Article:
Navigating through the world of physical fitness can be overwhelming. You know you should exercise. You've heard about the benefits. But you're not sure of exactly what you should do and how often.

First, it's important to know that research has shown that even short bouts of exercise provide significant health benefits. Yes, making exercise a habit will make a more significant impact on the improvement of your health, but don't let being overwhelmed by fitness principles keep you from exercising. If all else fails, head out for a brisk walk. Any time you spend with your heart elevated reduces your risk of disease.

But, if you're really looking to make exercise a priority and figure out how to schedule it into your daily routine, the first step is understanding how much exercise you really need to do.

A comprehensive workout plan consists of cardio exercise, strength training, and flexibility work.

Cardio Exercise: Boosting the Health of Your Heart

Aerobic exercise increases your cardiovascular health and reduces the risk of heart disease, type II diabetes, high blood pressure, and high cholesterol. It's efficient at burning calories, so it's an ideal type of exercise for maintaining or reaching a healthy body fat percentage.

In order to reduce the risk of heart disease and maintain a stable body weight, the Department of Health and Human Services recommends completing at least 150 minutes a week of moderate aerobic activity or 75 minutes a week of vigorous aerobic activity. You can also combine moderate and vigorous activity and the time should be spread out throughout the week.

Moderate aerobic activity includes exercises like brisk walking or swimming. You should notice an increase in breathing and heart rate and break a sweat, but still be able to comfortably carry on a conversation. Vigorous aerobic activity includes exercises like running and causes a greater increase in heart rate and more rapid breathing. You should still be able to hold a conversation, but in shorter sentences.

If you're just beginning to exercise, any increase in activity is beneficial. It's okay if you're unable to complete long periods of cardio at one time, because it's still beneficial to do multiple brief bouts. For example, if doing a 30-minute brisk walk is challenging, or if you simply don't have a chunk of 30 minutes to exercise, fit in three 10-minute walks instead.

If you're trying to lose weight, you'll need to do more than 150 minutes of moderate aerobic exercise or 75 minutes of vigorous aerobic exercise to burn enough calories to create a caloric deficit.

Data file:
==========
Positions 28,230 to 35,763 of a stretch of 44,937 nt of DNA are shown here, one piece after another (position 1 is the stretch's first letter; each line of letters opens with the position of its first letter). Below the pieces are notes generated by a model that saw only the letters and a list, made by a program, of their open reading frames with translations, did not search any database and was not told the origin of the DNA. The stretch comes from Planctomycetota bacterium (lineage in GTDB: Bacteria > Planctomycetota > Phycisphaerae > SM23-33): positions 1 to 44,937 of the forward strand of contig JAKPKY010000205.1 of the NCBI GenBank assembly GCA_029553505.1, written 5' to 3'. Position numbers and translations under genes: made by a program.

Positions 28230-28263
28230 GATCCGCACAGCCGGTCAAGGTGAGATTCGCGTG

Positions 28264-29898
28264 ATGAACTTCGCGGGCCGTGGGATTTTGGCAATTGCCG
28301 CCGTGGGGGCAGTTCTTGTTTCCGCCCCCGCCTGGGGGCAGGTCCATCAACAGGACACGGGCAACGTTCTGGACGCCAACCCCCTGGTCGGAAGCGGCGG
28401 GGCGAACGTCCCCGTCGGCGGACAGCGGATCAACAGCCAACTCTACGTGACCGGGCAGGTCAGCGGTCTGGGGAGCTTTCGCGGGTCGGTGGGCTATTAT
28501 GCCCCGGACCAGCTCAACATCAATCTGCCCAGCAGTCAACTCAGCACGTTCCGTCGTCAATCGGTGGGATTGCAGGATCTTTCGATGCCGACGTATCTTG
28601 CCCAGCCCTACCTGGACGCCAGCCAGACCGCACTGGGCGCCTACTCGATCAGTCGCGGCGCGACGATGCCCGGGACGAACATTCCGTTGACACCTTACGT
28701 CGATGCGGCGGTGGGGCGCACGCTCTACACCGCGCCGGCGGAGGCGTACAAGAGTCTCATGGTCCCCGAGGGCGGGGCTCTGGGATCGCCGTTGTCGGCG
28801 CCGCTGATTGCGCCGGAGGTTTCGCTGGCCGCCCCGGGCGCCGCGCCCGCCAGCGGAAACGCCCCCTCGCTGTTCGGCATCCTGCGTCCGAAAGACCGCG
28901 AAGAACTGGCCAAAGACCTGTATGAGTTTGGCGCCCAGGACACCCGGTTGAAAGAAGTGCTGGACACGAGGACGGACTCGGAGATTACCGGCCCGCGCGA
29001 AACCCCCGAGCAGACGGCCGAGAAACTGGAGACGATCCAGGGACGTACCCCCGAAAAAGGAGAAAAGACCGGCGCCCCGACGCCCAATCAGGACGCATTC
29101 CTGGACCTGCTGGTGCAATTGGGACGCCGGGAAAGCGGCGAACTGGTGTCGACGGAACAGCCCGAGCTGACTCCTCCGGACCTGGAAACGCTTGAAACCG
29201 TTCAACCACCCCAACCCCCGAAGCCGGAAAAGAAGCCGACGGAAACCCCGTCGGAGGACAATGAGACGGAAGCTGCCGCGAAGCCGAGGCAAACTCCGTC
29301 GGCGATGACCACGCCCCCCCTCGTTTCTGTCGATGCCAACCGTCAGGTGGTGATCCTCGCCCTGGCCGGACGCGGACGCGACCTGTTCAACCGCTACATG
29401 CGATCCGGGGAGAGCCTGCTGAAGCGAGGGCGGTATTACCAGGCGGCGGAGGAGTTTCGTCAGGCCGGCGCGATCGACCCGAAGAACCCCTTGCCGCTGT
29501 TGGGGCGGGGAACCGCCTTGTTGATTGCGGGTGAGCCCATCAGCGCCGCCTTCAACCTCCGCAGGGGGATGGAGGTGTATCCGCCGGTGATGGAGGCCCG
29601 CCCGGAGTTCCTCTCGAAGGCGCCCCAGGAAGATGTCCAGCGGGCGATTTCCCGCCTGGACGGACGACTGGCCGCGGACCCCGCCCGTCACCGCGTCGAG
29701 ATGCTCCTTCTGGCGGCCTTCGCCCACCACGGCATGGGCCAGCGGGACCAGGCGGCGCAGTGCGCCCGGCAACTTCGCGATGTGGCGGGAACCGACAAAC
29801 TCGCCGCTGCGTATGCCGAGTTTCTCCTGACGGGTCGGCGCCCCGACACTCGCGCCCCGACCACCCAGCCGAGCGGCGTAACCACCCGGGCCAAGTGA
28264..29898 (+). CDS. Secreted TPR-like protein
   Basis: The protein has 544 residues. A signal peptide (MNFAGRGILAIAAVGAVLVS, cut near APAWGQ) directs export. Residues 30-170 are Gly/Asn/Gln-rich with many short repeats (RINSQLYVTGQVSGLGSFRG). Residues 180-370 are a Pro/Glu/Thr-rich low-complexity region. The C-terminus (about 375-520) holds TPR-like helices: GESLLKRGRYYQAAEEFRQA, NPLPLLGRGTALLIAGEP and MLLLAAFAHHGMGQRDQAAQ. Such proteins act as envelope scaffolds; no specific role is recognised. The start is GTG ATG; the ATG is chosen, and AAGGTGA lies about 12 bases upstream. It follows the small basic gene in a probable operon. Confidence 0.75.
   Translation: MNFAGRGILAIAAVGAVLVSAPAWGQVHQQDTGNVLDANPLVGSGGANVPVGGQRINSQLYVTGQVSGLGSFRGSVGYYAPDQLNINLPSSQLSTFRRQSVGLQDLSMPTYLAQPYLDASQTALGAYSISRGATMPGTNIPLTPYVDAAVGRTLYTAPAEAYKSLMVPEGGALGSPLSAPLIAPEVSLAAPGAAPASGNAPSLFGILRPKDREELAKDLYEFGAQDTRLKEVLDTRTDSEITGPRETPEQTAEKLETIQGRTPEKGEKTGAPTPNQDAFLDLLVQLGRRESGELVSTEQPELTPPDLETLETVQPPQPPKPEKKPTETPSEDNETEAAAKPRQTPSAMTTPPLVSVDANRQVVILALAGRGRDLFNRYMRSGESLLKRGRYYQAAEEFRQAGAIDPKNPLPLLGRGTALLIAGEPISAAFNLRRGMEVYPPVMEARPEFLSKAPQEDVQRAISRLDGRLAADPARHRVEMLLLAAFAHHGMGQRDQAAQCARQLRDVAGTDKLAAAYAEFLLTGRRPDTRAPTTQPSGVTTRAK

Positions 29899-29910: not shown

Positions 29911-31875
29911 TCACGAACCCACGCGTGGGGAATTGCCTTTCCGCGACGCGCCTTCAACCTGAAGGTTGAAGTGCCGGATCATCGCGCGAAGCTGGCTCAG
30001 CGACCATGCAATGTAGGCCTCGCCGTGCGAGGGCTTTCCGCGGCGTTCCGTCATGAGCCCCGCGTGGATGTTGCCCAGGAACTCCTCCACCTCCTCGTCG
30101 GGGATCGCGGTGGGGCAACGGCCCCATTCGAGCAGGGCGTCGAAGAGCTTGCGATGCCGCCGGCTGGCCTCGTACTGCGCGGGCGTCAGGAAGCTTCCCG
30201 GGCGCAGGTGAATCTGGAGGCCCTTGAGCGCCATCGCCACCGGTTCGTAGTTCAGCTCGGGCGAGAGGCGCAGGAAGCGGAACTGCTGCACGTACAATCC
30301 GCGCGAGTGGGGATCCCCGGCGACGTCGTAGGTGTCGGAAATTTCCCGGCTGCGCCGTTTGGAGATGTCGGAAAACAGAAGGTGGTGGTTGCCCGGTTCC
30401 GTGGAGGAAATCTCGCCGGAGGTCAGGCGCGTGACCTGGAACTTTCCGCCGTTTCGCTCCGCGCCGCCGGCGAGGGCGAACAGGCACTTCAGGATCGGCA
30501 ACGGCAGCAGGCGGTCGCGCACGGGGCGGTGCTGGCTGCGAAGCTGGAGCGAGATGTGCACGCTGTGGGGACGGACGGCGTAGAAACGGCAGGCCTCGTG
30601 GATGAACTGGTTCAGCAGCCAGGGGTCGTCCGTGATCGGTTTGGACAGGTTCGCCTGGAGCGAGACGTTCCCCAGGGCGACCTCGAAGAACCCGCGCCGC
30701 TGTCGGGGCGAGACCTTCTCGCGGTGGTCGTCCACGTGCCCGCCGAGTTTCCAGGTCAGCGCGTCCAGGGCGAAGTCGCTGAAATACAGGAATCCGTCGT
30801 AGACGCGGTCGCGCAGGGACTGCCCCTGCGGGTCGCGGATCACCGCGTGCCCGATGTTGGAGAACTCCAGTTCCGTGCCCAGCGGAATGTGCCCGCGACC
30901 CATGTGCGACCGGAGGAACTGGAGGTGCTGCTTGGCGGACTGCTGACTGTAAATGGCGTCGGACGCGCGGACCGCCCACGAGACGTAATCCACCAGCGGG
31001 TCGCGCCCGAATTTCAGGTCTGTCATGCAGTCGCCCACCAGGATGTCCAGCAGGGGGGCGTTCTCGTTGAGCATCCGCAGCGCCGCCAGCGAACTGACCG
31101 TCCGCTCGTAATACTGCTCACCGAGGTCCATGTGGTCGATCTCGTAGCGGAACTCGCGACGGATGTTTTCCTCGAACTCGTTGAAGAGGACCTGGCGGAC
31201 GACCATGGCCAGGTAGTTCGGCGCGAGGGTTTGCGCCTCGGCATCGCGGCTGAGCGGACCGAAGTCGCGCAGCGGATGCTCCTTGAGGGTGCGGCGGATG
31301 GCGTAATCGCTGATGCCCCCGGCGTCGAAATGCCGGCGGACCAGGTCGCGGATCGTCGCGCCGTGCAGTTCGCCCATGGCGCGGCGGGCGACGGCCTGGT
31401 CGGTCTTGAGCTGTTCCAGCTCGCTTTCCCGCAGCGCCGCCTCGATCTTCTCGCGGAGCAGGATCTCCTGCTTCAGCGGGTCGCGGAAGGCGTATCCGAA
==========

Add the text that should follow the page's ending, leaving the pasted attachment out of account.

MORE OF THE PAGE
Strength Training: Building and Maintaining Strength, Muscle Mass and Bone Density

Strength training is a highly beneficial physical activity for everyone. Strength training increases lean body mass, decreases body fat percentage, builds bone density, and boosts resting metabolic rate.

For healthy adults, this translates to more muscle tone, an improvement in physical capabilities, and a reduced risk of obesity-related diseases. For older adults, this means they can limit their natural physical degradation. With age, lean muscle and bone tissue naturally decrease, but regularly participating in strength training limits this tissue reduction and helps older adults maintain healthy physical function and prevents osteoporosis.

As recommended by the Department of Health and Human Services, you should strength train at least twice a week, but three times is ideal. Your muscles need about 48 hours to heal and recover from strength training workouts, so schedule the sessions with one to two days off in between. For example, if you shoot for two workouts per week, a Monday and Thursday schedule is appropriate. For three workouts per week, working out on Mondays, Wednesdays, and Fridays works well.

Flexibility Work: Keeping Nimble

Stretching is an exercise activity that often gets pushed to the side or overlooked, but regular flexibility work is essential for preserving range of motion. Protecting your range of motion is important for maintaining the ability to perform physical activities, including simple daily tasks, such as bending over to pick items up off the floor. If you don't ever stretch, especially with the long hours commonly spent sitting, the hamstrings, glutes, and lower back muscles in particular can become very tight and lead to problems.

The American Heart Association (ASA) recommends that healthy adults incorporate flexibility work into their routines two to three days per week. Stretching sessions should focus on major muscle and tendon groups, such as the hamstrings, glutes, and shoulders. Pilates and yoga incorporate flexibility work into their movements and therefore qualify for stretching.

The ASA recommends that older adults engage in stretching two days per week, with each session lasting approximately 10 minutes. For elderly adults, stretching has been found to improve balance and thereby reduce the risks of falls.

Recap: A Sample Workout Week

Considering all this recommended exercise information, below are two sample weekly workout schedules that meet exercise requirements:

Monday: 30 minutes moderate cardio, Stretching
Tuesday: 30 minutes moderate cardio, Strength training
Wednesday: 30 minutes moderate cardio, Stretching
Thursday: 30 minutes moderate cardio
Friday: 30 minutes moderate cardio, Strength training
Saturday: Stretching
Sunday: Off

Monday: 25 minutes vigorous cardio, Stretching
Tuesday: Strength training
Wednesday: 25 minutes vigorous cardio, Stretching
Thursday: Strength training
Friday: 25 minutes vigorous cardio
Saturday: Strength training
Sunday: Off